The exterior of Shimousa Kogane Nakano Maki Ruins (Tori), a nationally designated historic site located at the back of the parking lot.There is an entrance on the left
The vast Shimousa Plateau lies in the northern part of Chiba Prefecture. During the Edo period, “Koganemaki” and “Sakuramaki” were grazing grounds established for breeding military horses under the direct control of the shogunate. Of these, Koganemaki, located in the northwestern part of the Shimousa Plateau, was called Koganemaki in the late Edo period, including Takadadai, Ueno, Nakano, Shimotsuke, and Inzai, and the present-day Kashiwa City, Matsudo City, Kamagaya City, and Funabashi. It had spread to cities. Among them, I visited the Shimousa Kogane Nakanomaki Ruins (Tokkome) in Kamagaya City, which was designated as a national historic site in 2007.
Kamagaya City, located on the Shimousa Plateau, is located within 25 kilometers from the city center and has been developed into a residential area as a commuter town for Tokyo. As soon as you exit Kitahatsutomi Station on the Shin-Keisei Line and exit on the south side, you will find National Route 464. As you walk along this national highway, you will see a place with dense trees at the back of the parking lot. This is the remains of the Shimousa Kogane Nakanomaki site.
Topographic map of Shimousa Kogane Nakanomaki ruins and surrounding area from Kitahatsutomi Station = Kashmir 3D Geographical Survey Institute map + Super topography
There is an entrance with a stone monument and an explanatory board, and once you go inside, you will find that it is surrounded by an embankment 2.5 to 4 meters high. According to the commentary board, the horses were kept free-range and were semi-wild, so they were called wild horses. It is said that at the end of the Edo period, there were approximately 1,000 wild horses in Koganemaki. Every year, wild horse trapping was held to capture three-year-old horses, and the good horses were transported to Edo. Wild horse catching is depicted in encyclopedias of famous places, and was an annual event that attracted spectators from as far away as Edo.
The Nakanomaki is a facility for catching wild horses, and is the only one that still exists at the Nakanomaki ruins of the Kogane Gomoku. This also includes “tokume”, which is the act of driving and capturing horses, “temegome”, which is the keeping of horses to be sent to Edo or agricultural horses, and “harai”, which is the process of returning young horses to the wild. It consisted of three sections: “Gome”. However, currently, the only part that retains its original form is the “payment” section.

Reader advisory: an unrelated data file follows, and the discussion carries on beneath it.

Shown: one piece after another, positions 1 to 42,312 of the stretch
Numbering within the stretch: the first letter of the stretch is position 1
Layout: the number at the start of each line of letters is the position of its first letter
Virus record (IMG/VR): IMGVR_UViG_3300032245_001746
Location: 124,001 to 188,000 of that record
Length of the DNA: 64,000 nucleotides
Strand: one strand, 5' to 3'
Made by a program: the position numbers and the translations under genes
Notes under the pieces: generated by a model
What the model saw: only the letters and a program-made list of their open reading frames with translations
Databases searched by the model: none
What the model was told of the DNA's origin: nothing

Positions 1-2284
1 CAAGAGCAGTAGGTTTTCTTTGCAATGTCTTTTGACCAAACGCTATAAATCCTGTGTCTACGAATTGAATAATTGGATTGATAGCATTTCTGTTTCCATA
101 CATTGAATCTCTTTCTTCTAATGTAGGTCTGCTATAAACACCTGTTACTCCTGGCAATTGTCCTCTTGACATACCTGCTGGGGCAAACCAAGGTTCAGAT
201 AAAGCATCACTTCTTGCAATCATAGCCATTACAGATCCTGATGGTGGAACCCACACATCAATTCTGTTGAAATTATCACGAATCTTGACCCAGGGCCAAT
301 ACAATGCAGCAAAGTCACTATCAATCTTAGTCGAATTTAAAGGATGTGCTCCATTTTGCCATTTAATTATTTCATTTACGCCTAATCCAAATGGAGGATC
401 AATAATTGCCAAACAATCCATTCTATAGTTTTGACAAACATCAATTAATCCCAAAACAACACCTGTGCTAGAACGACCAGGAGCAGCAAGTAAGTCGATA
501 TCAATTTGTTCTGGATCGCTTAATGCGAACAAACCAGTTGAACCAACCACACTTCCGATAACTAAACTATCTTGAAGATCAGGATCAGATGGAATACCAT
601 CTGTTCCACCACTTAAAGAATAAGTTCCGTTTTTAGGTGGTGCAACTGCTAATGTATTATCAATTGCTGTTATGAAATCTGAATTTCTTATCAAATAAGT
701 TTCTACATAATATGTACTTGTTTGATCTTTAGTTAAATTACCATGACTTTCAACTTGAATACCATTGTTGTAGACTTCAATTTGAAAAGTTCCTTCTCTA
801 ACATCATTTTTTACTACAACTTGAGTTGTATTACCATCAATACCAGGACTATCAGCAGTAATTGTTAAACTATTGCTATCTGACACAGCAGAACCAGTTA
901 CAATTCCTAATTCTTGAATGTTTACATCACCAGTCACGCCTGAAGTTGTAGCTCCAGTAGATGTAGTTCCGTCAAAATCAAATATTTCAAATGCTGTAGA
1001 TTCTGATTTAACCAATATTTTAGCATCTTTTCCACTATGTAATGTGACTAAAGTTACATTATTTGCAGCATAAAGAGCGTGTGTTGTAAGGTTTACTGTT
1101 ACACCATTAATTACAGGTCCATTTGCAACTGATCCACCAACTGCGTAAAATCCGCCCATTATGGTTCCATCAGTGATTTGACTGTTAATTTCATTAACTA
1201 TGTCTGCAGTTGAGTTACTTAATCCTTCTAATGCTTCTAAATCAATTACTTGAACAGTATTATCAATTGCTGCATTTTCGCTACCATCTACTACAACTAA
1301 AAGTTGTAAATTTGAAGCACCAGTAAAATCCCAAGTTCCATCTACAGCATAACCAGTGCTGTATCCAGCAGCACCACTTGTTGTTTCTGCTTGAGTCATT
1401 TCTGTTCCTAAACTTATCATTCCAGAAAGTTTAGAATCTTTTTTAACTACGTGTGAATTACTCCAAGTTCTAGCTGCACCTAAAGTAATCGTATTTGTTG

Other remains related to Maki include “Noma Bank.” In order to prevent wild horses from entering the village, a “wild horse embankment” was built between the village and the maki, and a “wild horse embankment” was built to trap the wild horses and lead them to a drinking hole. It is divided into “Seko Bank”. Many of these have been lost due to development, but small amounts still remain in various places.
The remains of Shimousa Kogane Nakanomaki, where wild horses were driven, remain quietly in a residential area in Kamagaya City.
Looking at the topographical map, the Nakanomaki ruins were built in a location adjacent to the tip of a long, narrow valley carved into the plateau. I suspect that this is because it is easier to drive in wild horses if it is built on the edge of a plateau, but what do you think? Then, when you go down to Yatsu, you will arrive at Kaigarayama Park, which has a large pond. In the plaza on the north side, there is a statue of a father and his son, “Kogane Nakanomaki Wild Horse.” Wild horses are said to have used springs such as Yatsugashira as drinking holes, so they must have drank water and rested here.
The “Kogane Nakanomaki Wild Horse” statue is located in the plaza on the north side of Kaigarayama Park.Small, measuring approximately 1.39 meters from back to toe in Kamagaya City
With the Meiji Restoration, Koganemaki was abolished in 1869 (Meiji 2) due to the new government’s policy of cultivating the area. After that, settlement was started as a national policy project to provide relief to samurai and impoverished people who had become unemployed.
The first place they settled in was Hatsutomi, a place named with the hope that the land would be the first to be cultivated and become rich and prosperous. Since then, 13 new towns have been established in the order of land cultivation: Futawa, Misaki (both in Funabashi City), Toyoshiki (Kashiwa City), and Goko (Matsudo City). was born.
After visiting Kaigarayama Park, they visited Hatsutomi Inari Shrine, which was built when the Hatsutomi area was cleared and settled in the same year, and learned about the history of the area at the nearby Kamagaya City Museum before returning home. (Kentaro Inagaki, Chairman of the Chiba Suribachi Society)